- Understand the history and impact of racial segregation in Cape Town
- Learn about the vibrant community that was forcibly removed from the historical District Six area of Cape Town
- Engage and interact with staff members who have personal, intimate stories to share about their life in District Six
The District Six Museum caters for locals as well as foreigners, and is an educational experience for both adults and children. Visitors learn about this once colourful hub for musicians, artists, and ‘good’ and ‘bad’ gangsters, that faced a 20-year long period of demolition and forced removals during the apartheid era. Engage with photographs, recordings and testimonials, which offer further insight into the turbulence of apartheid. In between exhibitions, share in the stories of District Six with engaging and friendly staff members, the majority of whom were displaced residents themselves and have intimate and personal stories to share.
The District Six Museum was not always a powerfully moving home for the stories of the areas former residents. Prior to its current purpose, it was a wine shop until the Methodists took it over in 1883 and founded the Buitenkamp Methodist Mission Church. The District Six Museum Foundation was only established in 1989, and the museum itself came into being in 1994. Currently, the museum serves as a remembrance of the once lively multi-racial area that was forcefully removed during apartheid in the 1960s and 1970s.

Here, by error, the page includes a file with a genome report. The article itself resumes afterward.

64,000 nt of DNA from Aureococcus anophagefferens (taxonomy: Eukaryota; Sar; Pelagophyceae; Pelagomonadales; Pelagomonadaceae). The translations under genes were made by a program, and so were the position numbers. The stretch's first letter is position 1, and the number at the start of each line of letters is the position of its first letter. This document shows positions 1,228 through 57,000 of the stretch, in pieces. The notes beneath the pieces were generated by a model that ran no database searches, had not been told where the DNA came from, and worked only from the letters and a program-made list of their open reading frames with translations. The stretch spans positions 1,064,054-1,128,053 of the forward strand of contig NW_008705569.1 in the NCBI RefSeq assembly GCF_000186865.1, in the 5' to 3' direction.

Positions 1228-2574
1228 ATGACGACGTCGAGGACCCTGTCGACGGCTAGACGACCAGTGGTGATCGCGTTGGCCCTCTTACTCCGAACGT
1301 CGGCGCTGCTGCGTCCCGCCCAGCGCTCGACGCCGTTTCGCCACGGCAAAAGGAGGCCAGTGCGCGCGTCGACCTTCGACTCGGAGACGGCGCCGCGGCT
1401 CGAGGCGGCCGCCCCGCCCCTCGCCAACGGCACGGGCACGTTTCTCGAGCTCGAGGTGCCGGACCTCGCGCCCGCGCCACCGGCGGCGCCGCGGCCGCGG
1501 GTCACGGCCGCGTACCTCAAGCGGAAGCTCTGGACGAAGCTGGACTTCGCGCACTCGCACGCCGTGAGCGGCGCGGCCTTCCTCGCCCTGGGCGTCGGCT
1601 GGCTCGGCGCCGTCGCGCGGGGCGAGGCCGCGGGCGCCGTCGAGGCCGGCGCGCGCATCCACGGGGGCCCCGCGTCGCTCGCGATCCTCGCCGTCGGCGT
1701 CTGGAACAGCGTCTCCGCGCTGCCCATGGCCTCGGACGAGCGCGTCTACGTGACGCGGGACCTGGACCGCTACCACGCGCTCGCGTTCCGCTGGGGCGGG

District Six Museum
Advice for visitors
Be warned: it is impossible not to be emotionally touched when visiting this site. Nevertheless, it is an important place to visit to help create a stronger understanding of South Africa’s rich history. Make a point of joining in on a guided tour from a genuine ex-resident of the original District Six. You will gain a real sense of what it was like for the people back in those days. If you need a break, there is a wonderful coffee shop which offers drinks and snacks – it’s a great place to make an introduction to the Cape’s traditional sweet treat of koeksisters.
Did you know
The ground floor of the museum is covered by a large street map of District Six on which are handwritten notes by former residents indicating where their demolished homes once stood.